From snow-capped peaks in forest-covered mountains, to the sparkling blue waters of the Ionian Sea – Albania packs a lot in a small space. Left to develop behind the Iron Curtain for four decades without any influence from the outside world, Albania is a country unlike any other. With its own history, culture, and language, you’ve never visited anywhere like this pocket-sized mystery before.
If you’re looking for a cheap beach holiday, look no further than the untouched beauty of the Riviera. History buffs will be stunned by the ancient city of Berat and the impeccable Roman ruins of Butrint. Adventure seekers will be hard pressed to find better hiking than in the untouched wilderness of the Accursed Mountains.
9. Hamburg, Germany
If Berlin is too mainstream for your travel tastes, Hamburg is for you. Part big business hub with its bustling port, part cultural hub with its penchant for anything subversive, Hamburg will intrigue and delight any visitor.
The open halls of the Fischmarkt are home to hundreds of vendors, constant live music, and thousands of local and tourist shoppers. If museums and galleries are your thing, there’s plenty here for you, but if you’re more inclined to discover bars and clubs and party until the wee hours, you’ve picked the right playground.
10. Riga, Latvia
And when it comes to Eastern European party playgrounds, there really doesn’t get much better than the capital of Latvia, Riga. Riga is stamped with the mark of its communist past – in the architecture, but mostly in the attitude of the people making up for lost time. Every night is a party in this city, and anything goes.
Riga is a beautiful city in itself. The old town is beautiful preserved with lovely examples of gothic architecture and grand old churches. Paddle along the canal or visit the vibrant food and flea markets if you manage to get out of bed during the day.
11. Belgrade, Serbia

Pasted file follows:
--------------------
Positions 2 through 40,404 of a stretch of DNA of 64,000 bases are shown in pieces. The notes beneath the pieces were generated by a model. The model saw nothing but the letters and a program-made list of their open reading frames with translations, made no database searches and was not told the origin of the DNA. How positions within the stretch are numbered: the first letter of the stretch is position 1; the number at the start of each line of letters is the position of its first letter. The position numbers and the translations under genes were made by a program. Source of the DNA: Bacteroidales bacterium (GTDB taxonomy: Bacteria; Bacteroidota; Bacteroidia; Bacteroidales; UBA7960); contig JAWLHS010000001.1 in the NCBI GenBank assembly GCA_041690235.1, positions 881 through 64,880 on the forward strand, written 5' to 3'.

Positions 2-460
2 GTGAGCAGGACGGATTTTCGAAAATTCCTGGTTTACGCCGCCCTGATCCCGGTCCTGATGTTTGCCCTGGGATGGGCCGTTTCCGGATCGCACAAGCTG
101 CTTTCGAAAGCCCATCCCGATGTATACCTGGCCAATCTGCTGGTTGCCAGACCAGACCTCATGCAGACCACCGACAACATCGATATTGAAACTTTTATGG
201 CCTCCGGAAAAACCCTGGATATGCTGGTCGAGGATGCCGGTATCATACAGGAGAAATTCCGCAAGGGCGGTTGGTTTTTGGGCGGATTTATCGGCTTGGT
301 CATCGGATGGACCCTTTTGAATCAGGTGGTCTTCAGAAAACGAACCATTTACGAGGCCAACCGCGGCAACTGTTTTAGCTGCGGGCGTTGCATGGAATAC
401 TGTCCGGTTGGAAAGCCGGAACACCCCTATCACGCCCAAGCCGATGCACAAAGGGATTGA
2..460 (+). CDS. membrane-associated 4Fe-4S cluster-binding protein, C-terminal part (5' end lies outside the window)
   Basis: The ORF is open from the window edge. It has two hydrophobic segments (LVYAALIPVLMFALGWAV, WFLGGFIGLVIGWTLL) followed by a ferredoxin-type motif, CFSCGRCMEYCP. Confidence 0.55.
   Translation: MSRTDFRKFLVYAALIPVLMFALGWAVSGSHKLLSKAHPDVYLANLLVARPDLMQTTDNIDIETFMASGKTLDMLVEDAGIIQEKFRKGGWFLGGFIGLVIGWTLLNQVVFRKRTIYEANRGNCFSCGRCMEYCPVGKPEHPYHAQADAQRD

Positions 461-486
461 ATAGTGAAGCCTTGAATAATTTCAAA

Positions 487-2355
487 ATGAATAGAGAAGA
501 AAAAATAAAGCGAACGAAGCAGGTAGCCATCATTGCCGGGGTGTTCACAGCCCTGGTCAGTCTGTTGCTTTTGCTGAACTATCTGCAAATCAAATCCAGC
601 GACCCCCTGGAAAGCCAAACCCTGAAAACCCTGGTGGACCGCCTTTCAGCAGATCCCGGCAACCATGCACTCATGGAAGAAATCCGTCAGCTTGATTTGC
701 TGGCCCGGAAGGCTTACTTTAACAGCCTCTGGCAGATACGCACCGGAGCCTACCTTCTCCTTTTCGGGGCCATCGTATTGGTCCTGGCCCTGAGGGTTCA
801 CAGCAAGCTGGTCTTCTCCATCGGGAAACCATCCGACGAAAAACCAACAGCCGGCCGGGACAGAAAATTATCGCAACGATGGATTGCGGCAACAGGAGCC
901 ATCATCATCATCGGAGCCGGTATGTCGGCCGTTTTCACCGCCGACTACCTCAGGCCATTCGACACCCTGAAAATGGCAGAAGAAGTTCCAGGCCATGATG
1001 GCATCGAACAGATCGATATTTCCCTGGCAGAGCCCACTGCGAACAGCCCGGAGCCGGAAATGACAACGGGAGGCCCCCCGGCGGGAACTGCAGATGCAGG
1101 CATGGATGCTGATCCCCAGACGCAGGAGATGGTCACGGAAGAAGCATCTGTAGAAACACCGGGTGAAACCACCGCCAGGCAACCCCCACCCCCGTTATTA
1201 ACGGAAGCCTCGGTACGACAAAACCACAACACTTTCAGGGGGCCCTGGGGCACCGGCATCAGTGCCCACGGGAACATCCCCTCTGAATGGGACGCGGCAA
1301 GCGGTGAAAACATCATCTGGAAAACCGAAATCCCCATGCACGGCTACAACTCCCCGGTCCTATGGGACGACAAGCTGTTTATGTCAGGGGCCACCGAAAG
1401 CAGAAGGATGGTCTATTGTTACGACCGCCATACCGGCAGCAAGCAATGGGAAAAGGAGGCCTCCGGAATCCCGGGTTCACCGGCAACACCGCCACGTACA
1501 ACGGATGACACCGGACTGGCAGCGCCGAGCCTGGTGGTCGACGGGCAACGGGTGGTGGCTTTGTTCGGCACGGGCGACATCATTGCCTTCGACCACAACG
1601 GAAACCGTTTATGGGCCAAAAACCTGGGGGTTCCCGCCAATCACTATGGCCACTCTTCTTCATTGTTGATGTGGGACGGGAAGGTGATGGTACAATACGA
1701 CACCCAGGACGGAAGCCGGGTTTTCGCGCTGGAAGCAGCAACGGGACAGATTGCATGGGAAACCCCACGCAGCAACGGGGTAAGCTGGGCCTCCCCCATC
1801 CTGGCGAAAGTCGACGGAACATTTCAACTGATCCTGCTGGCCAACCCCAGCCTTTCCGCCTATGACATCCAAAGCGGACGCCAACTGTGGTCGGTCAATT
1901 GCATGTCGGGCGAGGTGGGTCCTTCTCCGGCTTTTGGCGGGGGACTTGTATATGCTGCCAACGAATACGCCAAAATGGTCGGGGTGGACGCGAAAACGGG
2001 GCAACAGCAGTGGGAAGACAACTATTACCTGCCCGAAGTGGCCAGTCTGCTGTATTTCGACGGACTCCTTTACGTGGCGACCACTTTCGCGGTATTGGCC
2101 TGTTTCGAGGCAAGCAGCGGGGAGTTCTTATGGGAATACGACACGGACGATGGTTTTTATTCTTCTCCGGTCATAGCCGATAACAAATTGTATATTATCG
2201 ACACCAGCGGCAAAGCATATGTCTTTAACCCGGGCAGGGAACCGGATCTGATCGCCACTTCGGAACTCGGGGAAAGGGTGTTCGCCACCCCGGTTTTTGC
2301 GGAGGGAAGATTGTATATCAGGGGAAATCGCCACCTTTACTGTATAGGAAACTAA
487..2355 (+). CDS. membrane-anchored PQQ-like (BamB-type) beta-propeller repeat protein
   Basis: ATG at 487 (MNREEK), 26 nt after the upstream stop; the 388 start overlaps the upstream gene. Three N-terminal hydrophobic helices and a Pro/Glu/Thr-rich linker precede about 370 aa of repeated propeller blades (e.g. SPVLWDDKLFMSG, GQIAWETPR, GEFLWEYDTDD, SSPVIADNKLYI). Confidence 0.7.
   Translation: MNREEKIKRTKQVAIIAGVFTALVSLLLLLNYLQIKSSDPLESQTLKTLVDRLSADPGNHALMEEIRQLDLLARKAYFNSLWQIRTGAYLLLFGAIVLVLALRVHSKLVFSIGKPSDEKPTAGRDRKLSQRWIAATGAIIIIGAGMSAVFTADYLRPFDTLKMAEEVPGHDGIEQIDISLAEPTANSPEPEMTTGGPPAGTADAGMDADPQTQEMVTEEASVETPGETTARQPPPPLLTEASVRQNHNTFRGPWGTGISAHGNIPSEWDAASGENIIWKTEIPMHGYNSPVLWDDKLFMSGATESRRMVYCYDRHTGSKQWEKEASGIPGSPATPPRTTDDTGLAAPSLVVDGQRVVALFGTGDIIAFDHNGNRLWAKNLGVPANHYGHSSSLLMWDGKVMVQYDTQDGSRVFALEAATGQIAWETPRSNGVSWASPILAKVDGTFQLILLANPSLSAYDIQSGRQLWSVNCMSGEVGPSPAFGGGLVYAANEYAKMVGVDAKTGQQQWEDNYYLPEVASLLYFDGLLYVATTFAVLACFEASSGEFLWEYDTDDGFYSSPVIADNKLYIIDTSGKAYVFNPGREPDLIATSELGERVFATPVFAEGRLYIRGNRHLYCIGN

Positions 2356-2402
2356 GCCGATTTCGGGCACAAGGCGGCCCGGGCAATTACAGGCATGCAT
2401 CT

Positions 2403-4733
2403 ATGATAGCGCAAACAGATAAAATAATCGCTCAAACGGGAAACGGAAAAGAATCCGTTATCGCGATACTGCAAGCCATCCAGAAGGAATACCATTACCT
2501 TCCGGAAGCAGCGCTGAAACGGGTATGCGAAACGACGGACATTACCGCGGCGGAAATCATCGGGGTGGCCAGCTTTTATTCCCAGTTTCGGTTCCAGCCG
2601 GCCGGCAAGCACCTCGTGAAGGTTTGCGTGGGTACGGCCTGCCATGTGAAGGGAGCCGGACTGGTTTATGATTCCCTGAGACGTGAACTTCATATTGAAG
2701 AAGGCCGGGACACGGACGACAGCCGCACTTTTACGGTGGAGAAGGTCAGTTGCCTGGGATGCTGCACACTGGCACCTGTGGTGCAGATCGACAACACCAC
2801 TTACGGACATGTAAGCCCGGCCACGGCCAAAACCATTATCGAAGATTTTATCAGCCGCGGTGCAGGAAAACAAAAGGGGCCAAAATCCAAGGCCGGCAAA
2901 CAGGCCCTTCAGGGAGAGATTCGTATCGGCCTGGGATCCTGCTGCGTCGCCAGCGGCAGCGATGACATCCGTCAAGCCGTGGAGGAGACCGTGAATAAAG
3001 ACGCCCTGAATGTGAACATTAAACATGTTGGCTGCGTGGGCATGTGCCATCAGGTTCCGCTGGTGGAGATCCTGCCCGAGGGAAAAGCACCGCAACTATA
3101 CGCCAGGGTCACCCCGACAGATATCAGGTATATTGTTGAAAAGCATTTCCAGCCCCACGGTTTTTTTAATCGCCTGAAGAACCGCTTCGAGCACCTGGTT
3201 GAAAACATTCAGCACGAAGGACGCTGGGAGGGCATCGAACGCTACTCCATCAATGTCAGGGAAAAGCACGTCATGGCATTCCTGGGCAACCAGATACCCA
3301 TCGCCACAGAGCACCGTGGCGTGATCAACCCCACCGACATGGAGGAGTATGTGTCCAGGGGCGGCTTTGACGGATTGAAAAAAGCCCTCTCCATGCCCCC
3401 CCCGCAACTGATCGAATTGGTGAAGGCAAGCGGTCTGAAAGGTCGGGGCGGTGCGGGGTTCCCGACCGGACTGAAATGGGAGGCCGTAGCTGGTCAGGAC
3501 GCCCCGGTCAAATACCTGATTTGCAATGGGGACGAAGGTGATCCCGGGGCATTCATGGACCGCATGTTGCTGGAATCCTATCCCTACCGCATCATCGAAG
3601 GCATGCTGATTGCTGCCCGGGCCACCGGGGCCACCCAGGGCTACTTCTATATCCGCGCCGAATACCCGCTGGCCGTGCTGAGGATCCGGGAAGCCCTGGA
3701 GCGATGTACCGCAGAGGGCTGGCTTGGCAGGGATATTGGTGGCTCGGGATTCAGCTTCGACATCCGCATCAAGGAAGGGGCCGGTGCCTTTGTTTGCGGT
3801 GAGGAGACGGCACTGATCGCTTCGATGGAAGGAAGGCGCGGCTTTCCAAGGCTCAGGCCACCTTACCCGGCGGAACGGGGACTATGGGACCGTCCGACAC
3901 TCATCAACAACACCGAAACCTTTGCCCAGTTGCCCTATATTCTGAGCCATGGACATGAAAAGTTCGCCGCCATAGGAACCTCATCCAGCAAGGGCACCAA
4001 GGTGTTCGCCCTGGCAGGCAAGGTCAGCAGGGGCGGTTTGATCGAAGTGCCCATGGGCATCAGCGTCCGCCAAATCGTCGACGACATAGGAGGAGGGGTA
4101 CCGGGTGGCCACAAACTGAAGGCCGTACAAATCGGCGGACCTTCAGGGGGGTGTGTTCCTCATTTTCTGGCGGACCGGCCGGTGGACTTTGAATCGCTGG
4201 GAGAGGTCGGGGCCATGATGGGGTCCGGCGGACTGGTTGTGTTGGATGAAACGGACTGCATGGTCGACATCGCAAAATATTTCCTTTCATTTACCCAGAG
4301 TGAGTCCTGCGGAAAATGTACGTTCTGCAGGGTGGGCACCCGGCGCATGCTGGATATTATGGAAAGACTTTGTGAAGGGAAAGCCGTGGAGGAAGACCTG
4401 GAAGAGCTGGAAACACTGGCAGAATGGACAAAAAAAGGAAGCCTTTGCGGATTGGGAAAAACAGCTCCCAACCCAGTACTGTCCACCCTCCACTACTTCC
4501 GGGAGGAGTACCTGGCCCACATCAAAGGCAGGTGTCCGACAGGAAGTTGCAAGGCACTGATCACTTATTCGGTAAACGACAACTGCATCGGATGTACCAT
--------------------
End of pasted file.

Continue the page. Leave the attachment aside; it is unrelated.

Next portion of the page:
Belgrade is the new Budapest. Our definitions of what is edgy, ‘Eastern’, and undiscovered change all the time. And whilst all the aforementioned cities are still absolute stunners, Belgrade now holds the mantle of the favourite Eastern city to explore before it inevitably becomes ‘mainstream’.
With evidence of its recent bloody history, as well as its World War I and II history, Belgrade’s walls could tell some stories if they could talk. The unique nightlife, dominated by its floating clubs called ‘Splavs’, is unlike anything else in the world. It’s cheap, it’s hip, and it’s beautiful. Get there before all the other tourists take away its edge.
Not quite Asian, not quite European. Old and new. Azerbaijan is a juxtaposition of histories and cultures. And the landscapes are just as variable, spanning the Caucus Mountains to the Caspian Sea. The capital of Baku is a vibrant cosmopolitan city with a UNESCO heritage listed old town, but out in the regional areas are villages untouched by the modern world.
If you’re looking for a true adventure, where speaking English won’t help you a lick and you’ll never know what’s coming next, Azerbaijan is for you.
13. Cappadocia, Turkey
The fascinatingly unique central Turkish region of Cappadocia is sure to enthral and amaze. The valleys of the region are home to special geological formations of cone-shaped rocks, delightfully called ‘fairy chimneys’. To make it even more enchanting, ancient communities carved homes into these formations, making for little cave houses dotted through the valleys. Most hotels are cave hotels, allowing you to sleep in one of these signature Cappadocian rooms.
Get an aerial view of the landscape with a sunrise hot air balloon ride, take a horse ride overland through the valleys, and visit the underground city of Derinkuyu – a 14th century refuge for persecuted locals which is the deepest of the several found throughout the region.
14. Basel, Switzerland
Perched on the Rhine, the medieval old town of Basel is a sight for sore eyes. Fantastic winter carnivals, and museums and galleries open all year round – Basel is the destination for anyone who likes their European towns quaint and beautiful.
Zurich and Geneva are bustling cities, Basel is your peaceful and picturesque Swiss alternative. Anyone looking for the quintessential European city that could be the setting for a fairy-tale will not be disappointed with Basel.
15. Paxos, Greece
Don’t write off the idea of Greek island holiday yet. There are still options not overrun by tourists. Paxos is one of them, and is definitely a highlight. Hidden in the shadow of its bigger Ionian Sea neighbour of Corfu, Paxos (or Paxi in Greek) has maintained its own identity and is far from crowded.
This well-kept secret has everything you want from a Greek island – perfect weather, multiple beach options, old olive groves, and quaint towns. From the food to the people to the accommodation, the word for Paxos is ‘authentic’.